LAWSUITS NAME DECEASED EAST COUNTY PRIESTS AS ALLEGED CHILD ABUSERS

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By Miriam Raftery
 
January 6, 2019 (San Diego’s East County) – Multiple lawsuits filed against the Catholic Diocese of San Diego and many local parishes allege past childhood sexual abuse by several local priests, including at least three who served in East County.
 
The litigation was filed on behalf of alleged victims previously unable to sue due to the statue of limitations, but a new law, AB 218, allows victims of child sexual abuse to file a suit up to age 40; the previous limit was age 26. Victims have three years from January 1st of this year to take legal action.
 
The alleged abuse occurred in the 1960s and 1970s.  All of the accused priests have since died.  According to Irwin Zalkin, attorney for the plaintiffs, the diocese routinely moved priests accused of abuse, often to desert communities where “they thought that the people there – mostly Hispanic – would not speak up.”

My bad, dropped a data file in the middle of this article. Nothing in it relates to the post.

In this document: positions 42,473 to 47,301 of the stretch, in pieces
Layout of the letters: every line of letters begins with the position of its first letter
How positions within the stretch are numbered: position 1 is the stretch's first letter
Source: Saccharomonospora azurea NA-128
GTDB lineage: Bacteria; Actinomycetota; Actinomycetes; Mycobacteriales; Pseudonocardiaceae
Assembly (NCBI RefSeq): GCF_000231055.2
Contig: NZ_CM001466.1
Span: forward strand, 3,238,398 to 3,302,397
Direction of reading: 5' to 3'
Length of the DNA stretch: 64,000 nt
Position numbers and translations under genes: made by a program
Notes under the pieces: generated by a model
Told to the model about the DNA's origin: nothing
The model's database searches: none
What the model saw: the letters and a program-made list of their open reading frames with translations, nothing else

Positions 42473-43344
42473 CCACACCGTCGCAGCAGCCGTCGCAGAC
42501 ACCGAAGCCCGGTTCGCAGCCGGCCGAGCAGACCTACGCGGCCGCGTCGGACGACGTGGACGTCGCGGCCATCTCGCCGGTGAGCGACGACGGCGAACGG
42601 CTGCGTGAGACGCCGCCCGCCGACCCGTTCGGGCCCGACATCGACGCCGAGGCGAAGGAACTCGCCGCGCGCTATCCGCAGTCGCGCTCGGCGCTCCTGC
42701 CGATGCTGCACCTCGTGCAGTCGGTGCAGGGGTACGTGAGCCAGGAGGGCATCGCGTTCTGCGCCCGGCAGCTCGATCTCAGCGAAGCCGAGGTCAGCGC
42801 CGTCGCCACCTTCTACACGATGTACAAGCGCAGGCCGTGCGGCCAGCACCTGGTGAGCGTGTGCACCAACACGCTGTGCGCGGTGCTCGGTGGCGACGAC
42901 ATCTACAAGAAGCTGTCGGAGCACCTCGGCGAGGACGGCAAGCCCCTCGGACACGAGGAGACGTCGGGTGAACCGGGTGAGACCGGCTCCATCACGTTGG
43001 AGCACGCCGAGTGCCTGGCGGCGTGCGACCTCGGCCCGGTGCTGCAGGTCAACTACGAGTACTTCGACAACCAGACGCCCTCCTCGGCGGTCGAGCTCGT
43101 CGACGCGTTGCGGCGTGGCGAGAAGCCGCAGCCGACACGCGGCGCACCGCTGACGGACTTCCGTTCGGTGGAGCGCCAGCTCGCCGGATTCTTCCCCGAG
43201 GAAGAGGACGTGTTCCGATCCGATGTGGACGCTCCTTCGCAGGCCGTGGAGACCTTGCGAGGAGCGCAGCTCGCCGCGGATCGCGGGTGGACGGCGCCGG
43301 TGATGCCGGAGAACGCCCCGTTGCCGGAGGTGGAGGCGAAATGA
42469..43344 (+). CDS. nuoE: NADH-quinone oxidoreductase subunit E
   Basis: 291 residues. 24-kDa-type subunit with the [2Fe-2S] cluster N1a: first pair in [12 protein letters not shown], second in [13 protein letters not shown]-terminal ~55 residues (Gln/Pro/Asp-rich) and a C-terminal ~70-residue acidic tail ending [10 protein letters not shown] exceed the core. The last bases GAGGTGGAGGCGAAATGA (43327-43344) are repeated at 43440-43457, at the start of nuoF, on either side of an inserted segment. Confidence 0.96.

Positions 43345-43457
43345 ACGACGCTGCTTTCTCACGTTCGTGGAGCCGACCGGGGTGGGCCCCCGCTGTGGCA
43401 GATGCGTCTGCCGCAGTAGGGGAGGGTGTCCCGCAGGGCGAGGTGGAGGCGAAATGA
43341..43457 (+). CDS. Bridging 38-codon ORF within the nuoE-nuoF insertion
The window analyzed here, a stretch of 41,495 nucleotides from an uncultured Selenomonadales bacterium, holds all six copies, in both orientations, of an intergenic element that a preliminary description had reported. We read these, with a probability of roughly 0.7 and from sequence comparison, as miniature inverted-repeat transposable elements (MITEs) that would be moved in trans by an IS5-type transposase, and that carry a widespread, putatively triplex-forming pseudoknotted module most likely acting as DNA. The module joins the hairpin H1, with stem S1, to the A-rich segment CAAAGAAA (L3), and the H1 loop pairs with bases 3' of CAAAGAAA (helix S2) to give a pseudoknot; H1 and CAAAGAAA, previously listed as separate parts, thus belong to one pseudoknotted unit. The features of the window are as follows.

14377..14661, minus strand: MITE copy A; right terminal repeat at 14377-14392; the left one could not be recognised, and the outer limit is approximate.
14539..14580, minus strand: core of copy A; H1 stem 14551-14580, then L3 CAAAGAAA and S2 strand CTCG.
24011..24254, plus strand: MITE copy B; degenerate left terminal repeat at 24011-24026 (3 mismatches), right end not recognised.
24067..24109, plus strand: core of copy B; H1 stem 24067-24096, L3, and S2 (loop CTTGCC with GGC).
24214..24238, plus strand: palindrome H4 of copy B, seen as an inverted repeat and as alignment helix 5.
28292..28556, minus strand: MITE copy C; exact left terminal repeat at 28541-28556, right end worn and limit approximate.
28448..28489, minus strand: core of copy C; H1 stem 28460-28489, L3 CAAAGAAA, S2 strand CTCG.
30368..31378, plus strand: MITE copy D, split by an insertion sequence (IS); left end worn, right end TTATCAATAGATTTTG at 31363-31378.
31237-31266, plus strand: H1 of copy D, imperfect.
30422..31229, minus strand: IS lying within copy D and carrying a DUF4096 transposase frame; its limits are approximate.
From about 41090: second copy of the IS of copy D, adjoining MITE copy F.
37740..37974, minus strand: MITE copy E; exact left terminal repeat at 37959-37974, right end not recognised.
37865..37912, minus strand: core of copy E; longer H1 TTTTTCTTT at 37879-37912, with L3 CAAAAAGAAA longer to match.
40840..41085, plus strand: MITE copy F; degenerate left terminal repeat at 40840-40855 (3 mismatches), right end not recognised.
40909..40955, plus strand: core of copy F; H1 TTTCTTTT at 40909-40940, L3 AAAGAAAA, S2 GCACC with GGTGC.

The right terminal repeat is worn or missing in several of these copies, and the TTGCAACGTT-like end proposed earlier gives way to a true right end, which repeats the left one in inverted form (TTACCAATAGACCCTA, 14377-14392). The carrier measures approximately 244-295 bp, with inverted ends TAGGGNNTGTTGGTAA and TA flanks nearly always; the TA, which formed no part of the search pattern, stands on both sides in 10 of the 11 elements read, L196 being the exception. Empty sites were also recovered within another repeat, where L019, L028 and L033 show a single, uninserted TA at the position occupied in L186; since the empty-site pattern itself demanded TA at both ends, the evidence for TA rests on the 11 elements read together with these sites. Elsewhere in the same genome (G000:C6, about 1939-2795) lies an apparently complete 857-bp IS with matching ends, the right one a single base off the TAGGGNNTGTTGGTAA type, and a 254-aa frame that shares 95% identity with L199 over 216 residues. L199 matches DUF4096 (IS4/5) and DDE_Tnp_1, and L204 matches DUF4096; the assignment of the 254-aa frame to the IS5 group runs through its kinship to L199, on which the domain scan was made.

Zalkin has filed a half dozen suits so far, but says he plans to file as many as 60 more, the Ramona Sentinel reports.
 
Priests who served in East County and are now posthumously accused of sexual abuse include Gregory Sheridan, who served in Ramona and other parishes, Anthony Rorigue, who served in Lakeside, Poway, and several other locations around San Diego County, and Joseph Rossell, whose service included El Cajon. 
 
The diocese has offered settlements to plaintiffs of around $200,000 each from a victims’ compensation fund set up last year, but Zalkin has rejected the amounts as “an insult.”
 
Diocese Vice Chancellor Kevin Eckery released a statement denouncing actions of abusive priests as “evil” and urging victims to contact the church for counseling and compensation, which he indicated is available regardless of whether or not they pursue legal action. Eckery says the church has a “moral obligation to provide assistance to any victim-survivor of that abuse.”  
 
The Chancellor added that the church has implemented reforms that have resulted in no new abuse reports in nearly 20 years in the San Diego Catholic Diocese. Those reforms include mandatory Safe Environment training for clergy and all church workers, annual age-appropriate safety training for students in Catholic schools and religious education, enhanced criminal background checks, increased awareness and vigilance.